BISMARCK – A hunting rifle was used in the homicides that killed a New Town grandmother and three children, according to autopsy reports.
Documents from the State Forensic Medical Examiner’s Office state that Martha Johnson, 64, and her grandson Ben Schuster, 13, died from a gunshot wounds to the head from a .25-06 rifle.
Julia Schuster, 10, died from a gunshot wound to the chest and Luke Schuster, 6, suffered a gunshot wound to the neck, according to the report.
The injuries occurred about 3 p.m. Nov. 18 at Johnson’s home at 301 6th St. N. in New Town.
New Town Police Chief Arthur Walgren said the victims had no vital signs when first-responders arrived on scene shortly after the 911 call came in at 3:17 p.m.
Christian Schuster, 12, called 911 after he survived by playing dead, authorities have said.
Kalcie Eagle, 21, the man the FBI has labeled a person of interest, died from self-inflicted cutting wounds to the neck, according to the Medical Examiner’s report. The time of injury was 7:10 p.m. Nov. 18 in the area of First Avenue Southwest in Parshall, the report said.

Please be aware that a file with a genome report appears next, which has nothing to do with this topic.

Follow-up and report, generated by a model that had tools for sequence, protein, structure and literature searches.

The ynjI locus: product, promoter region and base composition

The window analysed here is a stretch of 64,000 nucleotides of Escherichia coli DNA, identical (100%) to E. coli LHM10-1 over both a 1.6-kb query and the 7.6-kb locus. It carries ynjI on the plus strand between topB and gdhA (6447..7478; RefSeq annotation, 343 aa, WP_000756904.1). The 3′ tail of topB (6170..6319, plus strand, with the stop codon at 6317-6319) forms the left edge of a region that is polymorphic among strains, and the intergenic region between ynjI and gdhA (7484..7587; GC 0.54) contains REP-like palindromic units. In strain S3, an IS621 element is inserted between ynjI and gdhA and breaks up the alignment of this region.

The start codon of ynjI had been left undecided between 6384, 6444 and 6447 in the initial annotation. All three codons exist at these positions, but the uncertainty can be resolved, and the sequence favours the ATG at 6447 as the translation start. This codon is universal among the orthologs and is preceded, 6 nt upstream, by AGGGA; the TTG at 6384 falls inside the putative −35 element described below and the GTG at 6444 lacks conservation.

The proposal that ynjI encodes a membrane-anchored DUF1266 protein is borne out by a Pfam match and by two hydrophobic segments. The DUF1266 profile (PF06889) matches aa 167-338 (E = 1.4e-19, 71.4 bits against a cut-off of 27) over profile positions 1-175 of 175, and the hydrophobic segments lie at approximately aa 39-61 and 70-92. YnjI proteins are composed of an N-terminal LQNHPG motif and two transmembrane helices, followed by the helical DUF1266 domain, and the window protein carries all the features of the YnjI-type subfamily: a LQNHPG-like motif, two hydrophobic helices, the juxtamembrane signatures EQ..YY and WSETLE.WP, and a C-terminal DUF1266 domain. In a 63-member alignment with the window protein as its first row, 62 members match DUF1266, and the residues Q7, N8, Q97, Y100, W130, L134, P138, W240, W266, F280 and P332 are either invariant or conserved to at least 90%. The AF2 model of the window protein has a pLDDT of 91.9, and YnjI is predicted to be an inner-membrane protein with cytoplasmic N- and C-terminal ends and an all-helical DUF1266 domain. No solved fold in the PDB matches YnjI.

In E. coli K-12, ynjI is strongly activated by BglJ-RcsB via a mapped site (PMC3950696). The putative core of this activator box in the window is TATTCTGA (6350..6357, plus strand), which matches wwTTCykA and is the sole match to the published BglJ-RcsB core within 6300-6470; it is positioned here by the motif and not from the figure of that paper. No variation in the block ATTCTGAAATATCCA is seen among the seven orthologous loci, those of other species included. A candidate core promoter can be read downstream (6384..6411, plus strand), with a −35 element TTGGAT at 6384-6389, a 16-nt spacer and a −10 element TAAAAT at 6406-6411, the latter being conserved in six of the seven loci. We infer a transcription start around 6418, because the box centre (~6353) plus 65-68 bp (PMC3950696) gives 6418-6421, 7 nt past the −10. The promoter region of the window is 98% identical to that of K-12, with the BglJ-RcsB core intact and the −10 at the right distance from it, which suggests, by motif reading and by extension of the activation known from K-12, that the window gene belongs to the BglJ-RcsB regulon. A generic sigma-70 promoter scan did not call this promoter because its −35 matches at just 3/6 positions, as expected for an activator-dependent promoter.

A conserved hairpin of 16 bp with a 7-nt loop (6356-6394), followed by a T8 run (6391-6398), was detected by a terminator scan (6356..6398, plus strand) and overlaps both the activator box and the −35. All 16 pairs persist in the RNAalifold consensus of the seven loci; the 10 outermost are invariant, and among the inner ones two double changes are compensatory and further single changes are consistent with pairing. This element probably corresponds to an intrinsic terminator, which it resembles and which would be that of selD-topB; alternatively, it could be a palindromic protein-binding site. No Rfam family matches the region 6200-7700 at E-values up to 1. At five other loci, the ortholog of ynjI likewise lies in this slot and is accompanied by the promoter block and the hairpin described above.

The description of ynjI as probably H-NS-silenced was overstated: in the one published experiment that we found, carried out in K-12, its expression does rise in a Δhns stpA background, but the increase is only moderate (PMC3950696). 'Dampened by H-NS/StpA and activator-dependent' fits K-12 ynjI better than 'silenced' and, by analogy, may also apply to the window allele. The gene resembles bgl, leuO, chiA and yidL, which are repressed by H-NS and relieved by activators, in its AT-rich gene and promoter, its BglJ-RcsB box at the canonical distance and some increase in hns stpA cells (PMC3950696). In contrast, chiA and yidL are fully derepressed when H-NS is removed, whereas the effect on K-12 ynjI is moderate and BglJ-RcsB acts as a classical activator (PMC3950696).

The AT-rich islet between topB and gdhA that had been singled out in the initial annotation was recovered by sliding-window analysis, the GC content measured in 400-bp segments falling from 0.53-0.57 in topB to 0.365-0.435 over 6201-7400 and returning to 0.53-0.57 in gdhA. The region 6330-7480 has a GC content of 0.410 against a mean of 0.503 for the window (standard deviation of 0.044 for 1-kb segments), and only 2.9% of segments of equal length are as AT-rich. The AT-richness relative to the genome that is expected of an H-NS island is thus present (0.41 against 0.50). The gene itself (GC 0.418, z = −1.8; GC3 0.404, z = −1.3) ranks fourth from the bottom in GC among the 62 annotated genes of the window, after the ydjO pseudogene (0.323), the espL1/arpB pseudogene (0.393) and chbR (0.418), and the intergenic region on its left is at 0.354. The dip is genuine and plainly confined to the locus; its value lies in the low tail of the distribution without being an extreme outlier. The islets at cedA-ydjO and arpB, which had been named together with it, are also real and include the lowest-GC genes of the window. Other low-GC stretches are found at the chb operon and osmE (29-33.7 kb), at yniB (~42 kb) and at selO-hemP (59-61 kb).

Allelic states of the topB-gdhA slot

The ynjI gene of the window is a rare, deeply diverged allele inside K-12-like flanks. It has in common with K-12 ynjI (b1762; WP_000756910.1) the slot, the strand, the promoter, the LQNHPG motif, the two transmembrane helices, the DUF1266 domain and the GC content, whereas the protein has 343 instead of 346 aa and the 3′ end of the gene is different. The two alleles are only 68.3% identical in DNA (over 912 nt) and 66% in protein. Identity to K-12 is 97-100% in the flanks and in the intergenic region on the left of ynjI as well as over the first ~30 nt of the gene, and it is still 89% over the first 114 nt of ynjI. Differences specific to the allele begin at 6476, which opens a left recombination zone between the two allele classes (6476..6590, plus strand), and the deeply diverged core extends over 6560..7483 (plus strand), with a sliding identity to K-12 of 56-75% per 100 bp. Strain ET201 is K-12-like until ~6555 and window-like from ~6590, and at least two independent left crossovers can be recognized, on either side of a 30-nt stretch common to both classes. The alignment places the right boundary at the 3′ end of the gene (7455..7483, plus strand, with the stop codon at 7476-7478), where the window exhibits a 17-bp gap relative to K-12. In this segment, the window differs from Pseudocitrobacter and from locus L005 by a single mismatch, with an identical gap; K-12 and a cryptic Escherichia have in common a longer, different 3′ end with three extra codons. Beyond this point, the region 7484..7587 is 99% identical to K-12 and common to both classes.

Walgren said the rifle did not belong to Eagle, but may have belonged to a family member.
Local authorities initially had jurisdiction over the case, but the FBI is now handling it because Eagle is a member of the Three Affiliated Tribes, Walgren said. New Town lies within the Fort Berthold Indian Reservation.
Although the FBI has not said Eagle is the suspected shooter, Walgren said authorities believe all suspects are accounted for.
“We believe that he was the actor,” Walgren said.
The 25-06 is a small-caliber hunting rifle that is somewhat uncommon, Walgren said.
“I don’t know a lot of people who own those types of guns,” Walgren said.
Johnson’s funeral was held Monday in New Town. Services for the Schuster children are scheduled for Thursday in Warsaw, N.D., where the children lived before moving in with their grandparents.